The pen 22 also includes a controller 28 and a power source 30. The power source may, for example, be a battery packaged in the housing 16 and accessible for replacement as the battery life diminishes. The controller 28 is coupled to the on-off control 18/strain gauge 26 and the inkjet printhead 14. While the on-off control 18 defines the on state the controller 28 keeps the printhead 14 active so as to eject ink. While the on-off control 18 defines the off state, controller keeps the printhead inactive so as not to eject ink.
In some embodiments the pen also includes an optical sensor 32. The sensor 32 is positioned to sense in the vicinity of the pen's output field (e.g., in the vicinity of the pen tip, the pen spacer and the pen printhead. In one embodiment the sensor 32 serves as an input device for allowing an operator to select specific functional features of the pen. For example, in a pen having the capability to print varying colors, the sensor 22 scans a colored surface and sets the pen color to such surface's color. The colored surface can be scanned from a palette accompanying the pen or can be scanned from a random surface selected by the operator. In this manner, the sensor provides the pen with a learning capability.
The random surface can be sampled from any object in the user environment. In one application, the pen is used as a touch-up device. The pen senses the desired surface to be programmed to the surface's color. The pen then is used to apply ink at blemishes elsewhere on the surface to touch-up the surface with matching color. Alternatively, the sampled color is saved and later output for color sampling or reproduction by another device. For example, the pen can reproduce the color by outputting ink or can link to another device to output a signal which specifies or otherwise identifies the previously sensed color. In one embodiment, the sampled color is downloaded in a digital or analog encoded signal through an interface 33 to a device which produces color-matched paint, cloth, or other color media. The interface 33 in various embodiments is an electrical interface, an infrared interface, or an optical interface. In other embodiments the interface 33 is omitted, and the color is reproduced in ink output from the printhead 14.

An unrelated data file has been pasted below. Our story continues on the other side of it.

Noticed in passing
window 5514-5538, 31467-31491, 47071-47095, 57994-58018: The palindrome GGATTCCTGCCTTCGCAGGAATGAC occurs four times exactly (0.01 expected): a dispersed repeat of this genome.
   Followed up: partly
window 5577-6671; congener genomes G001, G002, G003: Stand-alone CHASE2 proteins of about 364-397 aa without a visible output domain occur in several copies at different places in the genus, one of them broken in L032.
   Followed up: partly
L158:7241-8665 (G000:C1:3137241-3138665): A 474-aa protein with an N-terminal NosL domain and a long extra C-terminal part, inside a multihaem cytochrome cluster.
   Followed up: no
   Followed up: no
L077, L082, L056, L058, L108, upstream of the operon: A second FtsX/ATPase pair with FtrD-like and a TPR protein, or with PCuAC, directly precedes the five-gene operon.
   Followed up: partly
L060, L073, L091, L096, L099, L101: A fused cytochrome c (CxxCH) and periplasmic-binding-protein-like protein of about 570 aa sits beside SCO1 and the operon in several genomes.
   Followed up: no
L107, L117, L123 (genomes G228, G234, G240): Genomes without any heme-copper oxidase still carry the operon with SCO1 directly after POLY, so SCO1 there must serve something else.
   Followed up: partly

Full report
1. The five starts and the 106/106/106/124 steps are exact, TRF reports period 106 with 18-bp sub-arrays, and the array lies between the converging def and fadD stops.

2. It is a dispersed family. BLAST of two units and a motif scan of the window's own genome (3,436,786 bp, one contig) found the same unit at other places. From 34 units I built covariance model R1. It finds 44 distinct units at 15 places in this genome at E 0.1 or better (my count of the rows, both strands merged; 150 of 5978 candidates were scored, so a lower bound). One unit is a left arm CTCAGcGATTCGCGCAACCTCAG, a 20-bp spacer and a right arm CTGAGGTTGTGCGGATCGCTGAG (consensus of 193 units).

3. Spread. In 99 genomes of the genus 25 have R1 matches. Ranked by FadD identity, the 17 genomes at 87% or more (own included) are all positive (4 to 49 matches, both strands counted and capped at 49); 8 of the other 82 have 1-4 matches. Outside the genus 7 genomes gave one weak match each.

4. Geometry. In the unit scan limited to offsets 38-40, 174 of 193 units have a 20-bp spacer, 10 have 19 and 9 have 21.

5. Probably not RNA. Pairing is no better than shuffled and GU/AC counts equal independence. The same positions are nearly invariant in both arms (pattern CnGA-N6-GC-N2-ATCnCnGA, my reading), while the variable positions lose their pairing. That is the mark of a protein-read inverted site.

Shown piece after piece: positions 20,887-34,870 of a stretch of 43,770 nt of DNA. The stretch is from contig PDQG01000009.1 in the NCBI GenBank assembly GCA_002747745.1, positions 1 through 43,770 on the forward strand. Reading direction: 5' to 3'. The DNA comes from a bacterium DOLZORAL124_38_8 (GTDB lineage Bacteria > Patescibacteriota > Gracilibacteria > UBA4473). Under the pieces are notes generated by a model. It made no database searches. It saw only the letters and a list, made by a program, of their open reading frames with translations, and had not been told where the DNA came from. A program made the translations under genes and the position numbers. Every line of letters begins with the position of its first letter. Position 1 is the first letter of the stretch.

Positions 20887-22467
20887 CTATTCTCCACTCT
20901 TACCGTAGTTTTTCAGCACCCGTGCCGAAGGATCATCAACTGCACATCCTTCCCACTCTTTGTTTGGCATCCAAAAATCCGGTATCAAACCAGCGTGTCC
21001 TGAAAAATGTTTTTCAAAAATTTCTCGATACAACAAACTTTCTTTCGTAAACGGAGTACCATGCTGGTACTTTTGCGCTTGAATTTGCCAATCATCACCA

In an alternative embodiment the output sensor 32 is implemented with the controller 28 to detect pen 22 angle 50 relative to the writing surface 52, as shown in
In another embodiment pen 22′ further includes a compensation adjustment input 58. In such embodiment the sensor 32 is used for tracking the pen 22 relative to the writing surface 52. Motion is tracked along various axes 54, 56. The compensation adjustment input allows the operator to adjust pen output to compensate for a trembling hand (e.g., pen shaking). For example, an operator with a trembling hand will direct a conventional pen to produce jagged lines. Referring to
As the pen motion is tracked by the sensor 32, the selected sensitivity is used by control processing to determine what motion variation is considered to be undesired pen shaking as opposed to desired pen direction change. In some embodiments, the sensor 32 may be an accelerometer which measures the instantaneous acceleration of the pen. This signal is processed to track pen displacement of the pen spacer 24 over time. The displacement information is filtered to distinguish between low frequency changes in displacement (e.g., taken to be the intended motion of the pen) and the higher frequency changes in displacement occurring within the slower frequency changes (e.g., the shaking occurring while moving the pen). The threshold for distinguishing between low frequency displacements and high frequency displacements may be varied using the sensitivity adjustment device. The sensitivity control device selects or adjusts one or more compensation control filters (not shown). In some embodiments changes in pen acceleration are detected. Acceleration changes exceeding a threshold change correspond to shaking. High frequency shaking is filtered out contributing to a natural writing experience. The inkjet printhead nozzle firing pattern is adjusted by the control processing based on the filter output and the sensitivity adjustment so that, in effect, all or a portion of the shaking motion is filtered out. The result is an improvement in the writing quality, specifically an improved smoothness to the lines and lettering 62.